The maximum ratio of length to mean diameter for the longest full-speed LSBs reaches 0.41-0.415, whereas for half-speed LSBs it remains below 0.36. With an optimal ratio of circumferential speed to steam velocity, increasing the mean diameter means increasing the enthalpy drop and, as a result, increasing the difference in specific steam volume between the blade row entrance and exit.

High (supersonic) steam velocities and their great variations along the height of the row compromise aerodynamic performance. In addition, the increased length and tip circumferential speed of the LSBs makes the erosive impact of wet steam more dangerous. For these reasons, the closer the LSB is to its limiting length, the smaller the gain in efficiency and the higher the cost of achieving it. There still exists a substantial margin for increasing the size of half-speed steel LSBs, whereas for full-speed steel LSBs this margin has practically been used up.

Speed kills. For full-speed LSBs, there are no other real ways to substantially increase their length and annular exit area than by fabricating them out of titanium alloys (such as Ti-5Al, Ti-6Al-4V, or Ti-6Al-6V-2Sn). Today, most titanium-alloy blades are marketed by the shorter nomenclature, "titanium," to emphasize their performance. Among turbine manufacturers, even the most hardcore former opponents of titanium LSBs have taken to developing and using them. Their worth—especially their superior immunity to erosion and corrosion, compared to stainless steel blades—has been proven in the field since the early 1980s. Now, some turbine designers propose to use titanium blades also in intermediate (LP) turbine stages operating in the Wilson region, where steam transitions into the two-phase state (that is, it becomes wet) and thus raises the danger of stress-corrosion cracking. Accordingly, using titanium blades here might be asking for trouble.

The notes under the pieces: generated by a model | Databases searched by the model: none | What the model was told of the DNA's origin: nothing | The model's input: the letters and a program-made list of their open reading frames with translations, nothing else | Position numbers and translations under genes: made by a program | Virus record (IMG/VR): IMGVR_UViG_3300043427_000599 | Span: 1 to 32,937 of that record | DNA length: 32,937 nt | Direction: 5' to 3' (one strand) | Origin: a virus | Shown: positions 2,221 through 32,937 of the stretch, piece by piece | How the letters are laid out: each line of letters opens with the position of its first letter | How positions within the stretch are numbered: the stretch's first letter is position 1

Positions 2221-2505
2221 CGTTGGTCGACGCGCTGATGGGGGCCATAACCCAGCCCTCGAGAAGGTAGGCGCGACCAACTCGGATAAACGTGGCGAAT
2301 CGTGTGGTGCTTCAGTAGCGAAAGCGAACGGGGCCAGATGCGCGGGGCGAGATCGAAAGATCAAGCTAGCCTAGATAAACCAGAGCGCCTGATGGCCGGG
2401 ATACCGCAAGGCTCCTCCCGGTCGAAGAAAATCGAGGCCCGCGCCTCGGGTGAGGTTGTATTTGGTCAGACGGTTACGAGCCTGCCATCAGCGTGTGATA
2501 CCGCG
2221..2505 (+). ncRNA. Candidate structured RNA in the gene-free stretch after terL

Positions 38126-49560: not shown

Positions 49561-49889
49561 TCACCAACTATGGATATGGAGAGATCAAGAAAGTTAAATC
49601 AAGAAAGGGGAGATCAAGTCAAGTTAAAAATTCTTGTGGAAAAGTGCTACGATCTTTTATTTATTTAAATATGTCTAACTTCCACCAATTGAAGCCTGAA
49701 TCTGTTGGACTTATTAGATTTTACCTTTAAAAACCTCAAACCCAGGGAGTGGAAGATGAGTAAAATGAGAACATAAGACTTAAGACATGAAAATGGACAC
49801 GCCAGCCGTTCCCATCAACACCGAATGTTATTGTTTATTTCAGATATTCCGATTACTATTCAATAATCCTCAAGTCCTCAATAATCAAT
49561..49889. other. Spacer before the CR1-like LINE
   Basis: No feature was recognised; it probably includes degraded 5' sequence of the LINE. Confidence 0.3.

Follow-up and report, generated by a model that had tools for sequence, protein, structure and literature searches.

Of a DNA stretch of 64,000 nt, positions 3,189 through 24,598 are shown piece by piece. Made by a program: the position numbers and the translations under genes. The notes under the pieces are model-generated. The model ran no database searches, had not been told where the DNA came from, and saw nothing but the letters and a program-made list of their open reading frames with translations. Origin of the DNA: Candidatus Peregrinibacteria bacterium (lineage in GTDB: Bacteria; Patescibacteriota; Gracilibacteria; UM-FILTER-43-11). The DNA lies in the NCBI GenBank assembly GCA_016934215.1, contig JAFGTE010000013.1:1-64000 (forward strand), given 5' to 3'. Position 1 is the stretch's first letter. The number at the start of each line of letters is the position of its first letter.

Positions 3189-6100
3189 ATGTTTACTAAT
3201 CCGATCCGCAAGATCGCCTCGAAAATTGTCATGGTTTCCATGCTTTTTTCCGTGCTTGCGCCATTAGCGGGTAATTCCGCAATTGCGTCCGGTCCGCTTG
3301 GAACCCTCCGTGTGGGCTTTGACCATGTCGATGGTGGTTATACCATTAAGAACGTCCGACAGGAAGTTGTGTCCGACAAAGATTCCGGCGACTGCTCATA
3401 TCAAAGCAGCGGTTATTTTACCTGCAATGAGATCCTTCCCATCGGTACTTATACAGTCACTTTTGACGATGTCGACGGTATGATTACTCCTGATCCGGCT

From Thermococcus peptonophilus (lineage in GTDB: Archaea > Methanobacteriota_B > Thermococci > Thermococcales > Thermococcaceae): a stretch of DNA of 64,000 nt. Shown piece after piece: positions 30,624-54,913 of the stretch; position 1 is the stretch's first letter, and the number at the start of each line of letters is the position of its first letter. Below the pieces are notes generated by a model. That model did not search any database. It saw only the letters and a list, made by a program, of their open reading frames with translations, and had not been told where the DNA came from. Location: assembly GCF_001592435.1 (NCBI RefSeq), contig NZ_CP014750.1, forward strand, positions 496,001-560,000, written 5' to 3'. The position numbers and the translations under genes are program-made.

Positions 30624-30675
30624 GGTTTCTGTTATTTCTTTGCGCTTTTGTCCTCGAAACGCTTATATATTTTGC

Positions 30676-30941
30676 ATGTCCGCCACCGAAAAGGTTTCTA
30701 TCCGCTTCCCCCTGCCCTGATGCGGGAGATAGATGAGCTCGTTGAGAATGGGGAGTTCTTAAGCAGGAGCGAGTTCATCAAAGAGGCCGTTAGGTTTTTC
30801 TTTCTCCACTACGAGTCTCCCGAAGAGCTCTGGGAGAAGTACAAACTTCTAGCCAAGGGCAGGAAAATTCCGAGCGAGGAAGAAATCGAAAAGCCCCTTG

Longer LSBs are subject not only to increased tensile stress (due to the larger centrifugal forces), but also to greater risk of water-drop erosion (due to faster tip speeds). Circumferential tip speed can reach 2,300 ft/sec for modern steel LSBs and 2,730 ft/sec for titanium LSBs. Even for half-speed shafts or turbines, in which the maximum tip speed is lower, the value can be between 1,640 ft/sec and 1,700 ft/sec. In addition, when the turbine is operating with low steam flows and/or high back-pressure, longer LSBs get much hotter due to friction and fanning in the ambient steam. Over time, the heat saps the blades’ strength.

Building a better blade. For many years, the most widespread type of attachment bases for LSBs were prong-and-finger (or fork-shaped) roots with various numbers of prongs. For example, Hitachi has attached its 40-inch and 43-inch titanium LSBs using seven- and nine-prong roots, respectively. However, more recently most LSBs have been designed with curved-entry fir-tree roots.